Áron is a happy child in his family. But at some point things take a different turn, and his mother starts to lose her health rapidly. As this happens, the man in charge decides what's best...
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Christopher Friis Jensen,
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Niels Arden Oplev
Anders W. Berthelsen,
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Truls Krane Meby
Anders T. Andersen,
Áron is a happy child in his family. But at some point things take a different turn, and his mother starts to lose her health rapidly. As this happens, the man in charge decides what's best for Áron without consulting the young boy's opinion, and the boy finds himself thrown out of his warm home into an orphanage in the woods. He's utterly displeased by what's happening, without knowing he has yet to face much worse. After a hard time getting over the harrassment of his classmates and being accepted as one of them, another obstacle on the way to his peace of mind faces him: His obnoxious teachers. He has no intention of being bad, but it's beyond his ability to blend into the revolting place he's in. The nasty treatment of the teaching crew gets the better of him, and he's not all that calm and passive anymore. But that leads into unpleasant events which Áron himself wouldn't want.Written by
'Torzók' ('Abandoned') is a brilliant Hungarian film written and directed by Árpád Sopsits that takes us back to Hungary of 1960 when the oppressive Communist rule altered the lives of everyone, especially children. The quality of the film is absolutely first rate from story to acting to filming to scoring. It may be a tough film to absorb and certainly not for the easily offended, but it is a perfectly honed gem of a film that deserves wide audience exposure.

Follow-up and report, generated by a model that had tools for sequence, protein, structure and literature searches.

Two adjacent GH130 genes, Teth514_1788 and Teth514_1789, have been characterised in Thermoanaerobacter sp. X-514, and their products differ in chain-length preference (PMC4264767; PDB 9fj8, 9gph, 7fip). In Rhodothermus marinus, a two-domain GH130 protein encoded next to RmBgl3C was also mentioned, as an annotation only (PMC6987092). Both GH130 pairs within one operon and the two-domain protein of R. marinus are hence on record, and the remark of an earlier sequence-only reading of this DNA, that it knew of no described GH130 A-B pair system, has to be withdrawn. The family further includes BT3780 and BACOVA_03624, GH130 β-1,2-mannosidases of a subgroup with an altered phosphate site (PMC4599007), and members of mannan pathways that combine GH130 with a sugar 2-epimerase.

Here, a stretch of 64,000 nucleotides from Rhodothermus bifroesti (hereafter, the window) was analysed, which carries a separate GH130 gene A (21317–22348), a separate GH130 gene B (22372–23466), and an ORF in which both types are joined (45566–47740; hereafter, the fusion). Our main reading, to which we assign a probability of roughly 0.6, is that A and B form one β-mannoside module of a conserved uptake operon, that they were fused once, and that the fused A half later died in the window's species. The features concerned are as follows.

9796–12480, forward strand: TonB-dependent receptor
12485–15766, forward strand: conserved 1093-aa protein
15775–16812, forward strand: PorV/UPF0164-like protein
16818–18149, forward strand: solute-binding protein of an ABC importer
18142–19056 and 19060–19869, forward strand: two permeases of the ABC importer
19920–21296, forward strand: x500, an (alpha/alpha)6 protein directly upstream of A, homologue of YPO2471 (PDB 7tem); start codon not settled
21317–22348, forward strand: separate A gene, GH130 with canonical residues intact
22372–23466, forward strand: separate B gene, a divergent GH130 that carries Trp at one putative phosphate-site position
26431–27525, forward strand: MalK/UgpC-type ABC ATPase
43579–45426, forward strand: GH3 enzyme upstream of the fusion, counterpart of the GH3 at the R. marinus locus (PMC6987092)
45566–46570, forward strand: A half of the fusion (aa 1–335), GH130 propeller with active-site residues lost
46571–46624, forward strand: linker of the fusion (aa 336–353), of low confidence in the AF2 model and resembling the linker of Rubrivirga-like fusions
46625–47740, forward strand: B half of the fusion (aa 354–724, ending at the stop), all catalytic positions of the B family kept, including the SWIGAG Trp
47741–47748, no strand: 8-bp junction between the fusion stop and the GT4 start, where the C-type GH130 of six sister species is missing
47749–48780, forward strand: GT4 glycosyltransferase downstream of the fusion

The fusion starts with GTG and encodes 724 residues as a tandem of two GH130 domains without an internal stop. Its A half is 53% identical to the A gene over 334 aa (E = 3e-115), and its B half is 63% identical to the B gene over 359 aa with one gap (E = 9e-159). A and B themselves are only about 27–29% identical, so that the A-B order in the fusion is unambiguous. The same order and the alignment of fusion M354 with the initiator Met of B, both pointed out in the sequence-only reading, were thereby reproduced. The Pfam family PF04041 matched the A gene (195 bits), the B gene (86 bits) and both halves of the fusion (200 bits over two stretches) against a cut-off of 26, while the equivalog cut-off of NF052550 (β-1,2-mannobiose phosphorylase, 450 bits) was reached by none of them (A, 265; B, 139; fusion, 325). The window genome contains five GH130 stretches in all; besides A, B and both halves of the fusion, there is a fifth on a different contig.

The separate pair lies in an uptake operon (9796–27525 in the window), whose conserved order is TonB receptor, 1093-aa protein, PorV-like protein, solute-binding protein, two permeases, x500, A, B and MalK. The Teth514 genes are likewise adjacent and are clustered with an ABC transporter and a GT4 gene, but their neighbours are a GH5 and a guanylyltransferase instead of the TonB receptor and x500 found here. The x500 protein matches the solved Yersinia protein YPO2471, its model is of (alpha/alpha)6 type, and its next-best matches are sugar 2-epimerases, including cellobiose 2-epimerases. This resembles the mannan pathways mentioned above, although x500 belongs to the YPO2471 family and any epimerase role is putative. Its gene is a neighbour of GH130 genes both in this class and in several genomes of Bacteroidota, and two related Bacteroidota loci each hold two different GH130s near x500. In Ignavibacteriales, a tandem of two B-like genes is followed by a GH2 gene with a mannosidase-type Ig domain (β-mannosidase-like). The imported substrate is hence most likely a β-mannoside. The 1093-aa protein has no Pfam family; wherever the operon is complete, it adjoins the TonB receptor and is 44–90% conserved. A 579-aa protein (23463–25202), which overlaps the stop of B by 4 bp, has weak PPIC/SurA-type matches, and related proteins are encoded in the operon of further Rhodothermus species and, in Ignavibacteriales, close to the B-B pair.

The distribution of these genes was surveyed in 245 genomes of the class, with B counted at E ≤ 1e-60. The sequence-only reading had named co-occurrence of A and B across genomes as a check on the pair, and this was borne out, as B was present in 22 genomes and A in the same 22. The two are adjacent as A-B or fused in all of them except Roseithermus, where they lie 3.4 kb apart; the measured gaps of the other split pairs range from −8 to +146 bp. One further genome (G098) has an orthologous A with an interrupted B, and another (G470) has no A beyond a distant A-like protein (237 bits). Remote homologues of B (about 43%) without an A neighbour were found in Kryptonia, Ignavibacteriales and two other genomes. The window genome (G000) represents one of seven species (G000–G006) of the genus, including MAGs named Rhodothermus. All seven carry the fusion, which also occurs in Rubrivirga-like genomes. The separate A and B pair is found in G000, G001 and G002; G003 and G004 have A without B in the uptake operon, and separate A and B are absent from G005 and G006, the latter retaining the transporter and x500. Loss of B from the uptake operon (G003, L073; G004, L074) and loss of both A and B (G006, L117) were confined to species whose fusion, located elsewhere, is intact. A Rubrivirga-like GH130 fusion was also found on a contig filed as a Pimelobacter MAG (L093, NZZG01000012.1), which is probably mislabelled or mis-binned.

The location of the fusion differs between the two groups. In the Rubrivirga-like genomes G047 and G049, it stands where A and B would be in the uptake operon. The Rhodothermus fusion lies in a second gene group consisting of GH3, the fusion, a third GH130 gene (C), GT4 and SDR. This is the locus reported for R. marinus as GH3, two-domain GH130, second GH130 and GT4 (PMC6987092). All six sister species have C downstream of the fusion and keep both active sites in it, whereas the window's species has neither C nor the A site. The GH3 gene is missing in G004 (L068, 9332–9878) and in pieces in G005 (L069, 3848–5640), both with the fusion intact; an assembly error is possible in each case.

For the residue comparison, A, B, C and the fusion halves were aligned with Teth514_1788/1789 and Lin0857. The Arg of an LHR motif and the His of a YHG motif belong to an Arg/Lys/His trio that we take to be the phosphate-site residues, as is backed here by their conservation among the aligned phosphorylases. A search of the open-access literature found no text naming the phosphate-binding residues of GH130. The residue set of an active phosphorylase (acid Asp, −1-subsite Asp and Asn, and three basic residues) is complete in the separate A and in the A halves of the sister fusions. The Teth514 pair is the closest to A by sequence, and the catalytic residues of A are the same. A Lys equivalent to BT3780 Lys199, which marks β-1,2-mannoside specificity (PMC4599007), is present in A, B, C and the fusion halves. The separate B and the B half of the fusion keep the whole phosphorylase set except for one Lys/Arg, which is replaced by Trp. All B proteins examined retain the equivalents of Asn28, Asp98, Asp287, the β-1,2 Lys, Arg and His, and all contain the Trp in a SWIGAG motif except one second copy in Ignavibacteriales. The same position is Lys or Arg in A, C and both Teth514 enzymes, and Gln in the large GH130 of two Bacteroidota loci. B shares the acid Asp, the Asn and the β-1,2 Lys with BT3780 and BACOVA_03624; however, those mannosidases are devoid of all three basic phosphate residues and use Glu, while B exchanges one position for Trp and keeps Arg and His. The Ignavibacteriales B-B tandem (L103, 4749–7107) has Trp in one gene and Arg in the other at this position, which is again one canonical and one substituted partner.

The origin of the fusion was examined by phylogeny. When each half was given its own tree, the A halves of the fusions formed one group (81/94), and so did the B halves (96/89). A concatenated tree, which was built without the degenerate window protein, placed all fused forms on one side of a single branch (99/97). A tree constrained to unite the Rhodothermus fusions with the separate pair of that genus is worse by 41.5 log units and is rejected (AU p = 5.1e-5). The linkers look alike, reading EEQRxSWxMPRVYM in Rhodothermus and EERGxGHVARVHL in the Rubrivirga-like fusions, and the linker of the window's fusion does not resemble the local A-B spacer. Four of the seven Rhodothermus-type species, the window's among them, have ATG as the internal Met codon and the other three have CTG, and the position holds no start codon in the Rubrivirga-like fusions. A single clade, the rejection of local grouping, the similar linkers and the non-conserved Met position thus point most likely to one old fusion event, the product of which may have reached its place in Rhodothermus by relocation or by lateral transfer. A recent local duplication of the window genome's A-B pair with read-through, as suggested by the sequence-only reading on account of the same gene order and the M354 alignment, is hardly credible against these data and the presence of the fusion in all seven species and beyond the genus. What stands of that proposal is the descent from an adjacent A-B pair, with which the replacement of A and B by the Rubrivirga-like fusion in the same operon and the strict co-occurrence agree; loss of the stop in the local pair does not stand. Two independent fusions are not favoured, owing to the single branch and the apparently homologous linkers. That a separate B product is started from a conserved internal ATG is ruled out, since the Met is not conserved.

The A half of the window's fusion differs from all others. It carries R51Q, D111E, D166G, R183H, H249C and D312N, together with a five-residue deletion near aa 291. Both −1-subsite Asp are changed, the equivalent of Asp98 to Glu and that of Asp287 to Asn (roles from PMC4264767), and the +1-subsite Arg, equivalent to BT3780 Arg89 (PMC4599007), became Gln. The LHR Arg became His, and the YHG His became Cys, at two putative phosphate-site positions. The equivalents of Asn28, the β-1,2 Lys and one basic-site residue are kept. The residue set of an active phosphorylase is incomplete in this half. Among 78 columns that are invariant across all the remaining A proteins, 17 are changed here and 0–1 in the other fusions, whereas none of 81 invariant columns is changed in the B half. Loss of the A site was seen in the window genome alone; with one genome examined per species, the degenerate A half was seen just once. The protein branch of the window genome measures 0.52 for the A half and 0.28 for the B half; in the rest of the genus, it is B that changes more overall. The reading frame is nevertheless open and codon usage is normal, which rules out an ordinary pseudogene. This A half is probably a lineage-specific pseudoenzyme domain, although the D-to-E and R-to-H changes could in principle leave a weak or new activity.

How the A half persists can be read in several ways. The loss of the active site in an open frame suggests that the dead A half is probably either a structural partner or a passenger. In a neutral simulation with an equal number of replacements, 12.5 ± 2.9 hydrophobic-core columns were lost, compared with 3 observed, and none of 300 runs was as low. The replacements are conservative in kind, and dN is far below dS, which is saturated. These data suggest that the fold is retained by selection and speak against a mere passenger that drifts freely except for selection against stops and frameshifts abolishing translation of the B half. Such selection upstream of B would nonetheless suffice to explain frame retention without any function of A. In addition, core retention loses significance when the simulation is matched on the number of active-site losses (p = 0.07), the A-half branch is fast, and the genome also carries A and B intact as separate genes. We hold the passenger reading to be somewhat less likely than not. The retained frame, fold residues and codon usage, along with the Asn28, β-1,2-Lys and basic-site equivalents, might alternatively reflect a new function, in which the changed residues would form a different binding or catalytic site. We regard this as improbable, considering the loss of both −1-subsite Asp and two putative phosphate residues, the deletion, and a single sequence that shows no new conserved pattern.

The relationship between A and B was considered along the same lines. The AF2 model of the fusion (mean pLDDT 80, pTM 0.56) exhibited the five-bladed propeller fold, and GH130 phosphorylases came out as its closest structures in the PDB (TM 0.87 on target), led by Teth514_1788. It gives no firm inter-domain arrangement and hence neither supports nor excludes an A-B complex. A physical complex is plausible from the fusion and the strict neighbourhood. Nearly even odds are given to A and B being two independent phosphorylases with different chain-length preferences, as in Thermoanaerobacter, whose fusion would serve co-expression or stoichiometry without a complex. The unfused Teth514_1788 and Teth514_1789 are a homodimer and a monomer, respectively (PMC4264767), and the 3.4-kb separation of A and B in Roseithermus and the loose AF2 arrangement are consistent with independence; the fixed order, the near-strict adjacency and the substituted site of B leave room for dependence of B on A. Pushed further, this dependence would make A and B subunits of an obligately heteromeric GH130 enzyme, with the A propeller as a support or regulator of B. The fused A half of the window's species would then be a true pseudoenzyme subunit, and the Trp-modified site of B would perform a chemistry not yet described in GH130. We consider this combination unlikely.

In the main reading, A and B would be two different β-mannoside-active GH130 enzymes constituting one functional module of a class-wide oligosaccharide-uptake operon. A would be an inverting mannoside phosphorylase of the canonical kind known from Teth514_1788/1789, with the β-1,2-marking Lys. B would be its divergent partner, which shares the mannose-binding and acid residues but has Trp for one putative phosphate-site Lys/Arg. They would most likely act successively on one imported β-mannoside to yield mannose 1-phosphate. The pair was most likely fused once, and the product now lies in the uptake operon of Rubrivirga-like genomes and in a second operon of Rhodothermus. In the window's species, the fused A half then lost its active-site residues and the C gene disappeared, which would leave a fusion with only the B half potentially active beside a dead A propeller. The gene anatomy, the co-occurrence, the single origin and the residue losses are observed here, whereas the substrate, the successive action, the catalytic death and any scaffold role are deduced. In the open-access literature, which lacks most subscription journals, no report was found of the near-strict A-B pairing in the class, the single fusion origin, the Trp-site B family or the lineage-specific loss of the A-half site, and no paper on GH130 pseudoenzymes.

Áron (Tamás Mészáros) is a young lad whose life seems warm at first until suddenly a disease of vision impairment attacks his mother and his parents divorce: the mother is somewhere in a hospital and the father (Sándor Gáspár) beats the boy and eventually turns him over to a rigid orphanage for boys run by cruel taskmasters. Áron undergoes initiation tactics by his fellow orphans but despite the beatings he is strong enough to survive. He is befriended when he has his nightmares about his mother's blindness by his friend Atilla (Szabolcs Csizmadia) and the two bond emotionally and physically. In this bleak atmosphere a little light comes from the beautiful young housekeeper Anya (Krisztina Somogyi) but even her contributions are compromised by the cruelty of the staff. There is one 'teacher' in the orphanage school, Nyitrai (László Gálffi) who has been reduced to his position as an 'imprisoned one' by the government and his sadness is offset by his playing his cello and studying his beloved astronomy. Nyitrai offers Áron solace and introduces his 'fellow traveler' to the glory of the stars, giving Áron a map of the heavens that Áron cherishes - his window to a world beyond the dark confines of his prison-like orphanage. He gradually wins over his fellow orphans and when Nyitrai, in the pit of depression for his life situation and the cruelty of the orphanage and the government, hangs himself. This horrid incident drives Áron to organize an escape from the orphanage, an event that is ultimately fractured with a death for which Áron feels responsible. And the end of the film fades into the many possibilities that event could trigger.
The atmosphere created by the stunning cinematography by Péter Szatmári defines the darkness that represents the orphanage well but also suggests the darkness in Hungary of that period. The musical score by Péter Fejcsik, Tamás Görgényi, Ferenc Toma, and Balázs Winkler is some of the most beautiful composed for the screen, making tremendously effective use of the cello and lower strings. In all, this is a brilliant piece of film-making, acted with depth in every role, and unveiling a portion of history and tragedy too often pushed to the background of our books. Highly Recommended. Grady Harp
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